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Can China Be the JCPOA’s Last Hope?

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Can China Be the JCPOA’s Last Hope?

As demonstrated during President Raisi’s visit to China, a return to the Iran nuclear deal is very much in Beijing’s interests. So why is China not pushing for exactly that?

Can China Be the JCPOA’s Last Hope?

In this photo released by the official website of the office of the Iranian Presidency, President Ebrahim Raisi, left, shakes hands with his Chinese counterpart Xi Jinping in an official welcoming ceremony in Beijing, Tuesday, Feb. 14, 2023.

Credit: Iranian Presidency Office via AP

Iranian President Ebrahim Raisi’s three-day visit to Beijing has revived China’s balancing act in the Persian Gulf after the setback that followed Chinese leader Xi Jinping’s trip to Saudi Arabia in December. Symbolically, Beijing has reassured Iran that it is a partner worth no less than Saudi Arabia and the United Arab Emirates. But little suggests that the economic breakthrough once again claimed by the Iranian authorities will eventually follow the umpteenth signature of tens of Memoranda of Understanding between the two countries.

In fact, the primary impediment to the implementation of the 25-year comprehensive strategic partnership China and Iran signed in 2021 continues to be the presence of U.S. secondary sanctions. Or, from a different perspective, the failure to return to the Joint Comprehensive Plan of Action (JCPOA, colloquially known as the Iran nuclear deal) following then-U.S. President Donald Trump’s withdrawal in 2018.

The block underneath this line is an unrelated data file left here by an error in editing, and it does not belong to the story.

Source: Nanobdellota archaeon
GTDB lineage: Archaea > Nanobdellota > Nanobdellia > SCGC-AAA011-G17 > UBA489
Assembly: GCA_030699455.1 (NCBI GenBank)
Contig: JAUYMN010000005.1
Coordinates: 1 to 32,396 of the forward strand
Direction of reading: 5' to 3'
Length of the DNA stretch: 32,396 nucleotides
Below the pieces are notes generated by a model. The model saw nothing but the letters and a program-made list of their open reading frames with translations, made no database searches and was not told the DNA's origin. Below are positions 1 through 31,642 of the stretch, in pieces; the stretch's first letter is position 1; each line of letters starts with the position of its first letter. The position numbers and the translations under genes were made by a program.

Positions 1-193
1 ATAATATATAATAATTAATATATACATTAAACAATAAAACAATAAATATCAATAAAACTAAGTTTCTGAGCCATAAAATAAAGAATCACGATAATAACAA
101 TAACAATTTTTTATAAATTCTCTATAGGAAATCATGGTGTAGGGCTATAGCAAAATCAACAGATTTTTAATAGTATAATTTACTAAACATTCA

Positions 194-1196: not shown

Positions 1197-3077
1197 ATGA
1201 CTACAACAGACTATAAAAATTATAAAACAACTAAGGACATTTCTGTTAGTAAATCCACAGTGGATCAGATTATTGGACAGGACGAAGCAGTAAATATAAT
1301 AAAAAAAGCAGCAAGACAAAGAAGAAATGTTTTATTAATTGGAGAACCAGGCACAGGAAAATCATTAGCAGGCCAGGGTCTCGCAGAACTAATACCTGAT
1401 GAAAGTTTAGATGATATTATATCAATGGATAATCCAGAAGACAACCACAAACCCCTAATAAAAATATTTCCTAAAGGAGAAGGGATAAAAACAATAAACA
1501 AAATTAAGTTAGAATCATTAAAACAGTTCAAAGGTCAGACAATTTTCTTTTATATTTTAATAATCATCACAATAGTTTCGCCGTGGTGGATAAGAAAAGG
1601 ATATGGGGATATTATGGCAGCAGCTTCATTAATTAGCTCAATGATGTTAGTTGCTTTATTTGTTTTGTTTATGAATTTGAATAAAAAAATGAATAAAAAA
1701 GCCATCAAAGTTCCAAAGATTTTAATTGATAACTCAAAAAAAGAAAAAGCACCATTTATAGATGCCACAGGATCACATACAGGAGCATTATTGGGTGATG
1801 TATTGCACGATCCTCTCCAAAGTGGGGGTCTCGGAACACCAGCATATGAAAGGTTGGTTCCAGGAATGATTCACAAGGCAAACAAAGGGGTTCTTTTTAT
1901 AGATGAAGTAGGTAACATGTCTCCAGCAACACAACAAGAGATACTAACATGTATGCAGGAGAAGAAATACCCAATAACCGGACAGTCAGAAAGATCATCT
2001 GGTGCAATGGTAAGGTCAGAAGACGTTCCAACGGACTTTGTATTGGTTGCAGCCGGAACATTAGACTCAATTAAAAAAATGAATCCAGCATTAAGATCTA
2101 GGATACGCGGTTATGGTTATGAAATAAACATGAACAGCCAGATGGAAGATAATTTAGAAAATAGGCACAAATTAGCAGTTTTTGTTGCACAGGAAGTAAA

In May 2022, I wrote that the Iran deal best serves China’s security interests in the Persian Gulf, and I still stand by that assessment. Yet, there is no doubt that Beijing has not done much to revive the agreement. Raisi’s visit to China came when the prospect of a return to the Iran deal or even for a JCPOA 2.0 is tenuous. Still, despite the agreement’s utterly comatose state, Xi reaffirmed China’s commitment to the swift implementation of the JCPOA.

“Judging from what President Xi said to the Iranian president in Beijing, I think China really wants to advance the JCPOA negotiations,” said Fan Hongda, a professor of Middle Eastern Studies at the Shanghai International Studies University and a leading Chinese expert on Iran. “Beijing does not want to see the Iran Deal abandoned.”

Indeed, according to the official readout, Xi reassured Raisi that “China will continue to take a constructive part in the negotiations on resuming the nuclear deal, support Iran in safeguarding its legitimate rights and interests, and work for an early and proper settlement of the Iranian nuclear issue.”

Xi’s words are far from surprising. Since 2018, little has changed in China’s position on the JCPOA – a mix of calls for a return to the agreement and blaming the United States’ unilateralism while remaining on the sideline of the Vienna Talks. After Raisi’s trip to Beijing, the elephant in the room remains what Chinese officials have told their Iranian counterparts privately. The presence of Iran’s chief JCPOA negotiator, Ali Bagheri Kani, in the delegation that visited China, although not surprising given the scope of the visit, suggests an exchange of views more profound than the rather unimpressive public rhetoric.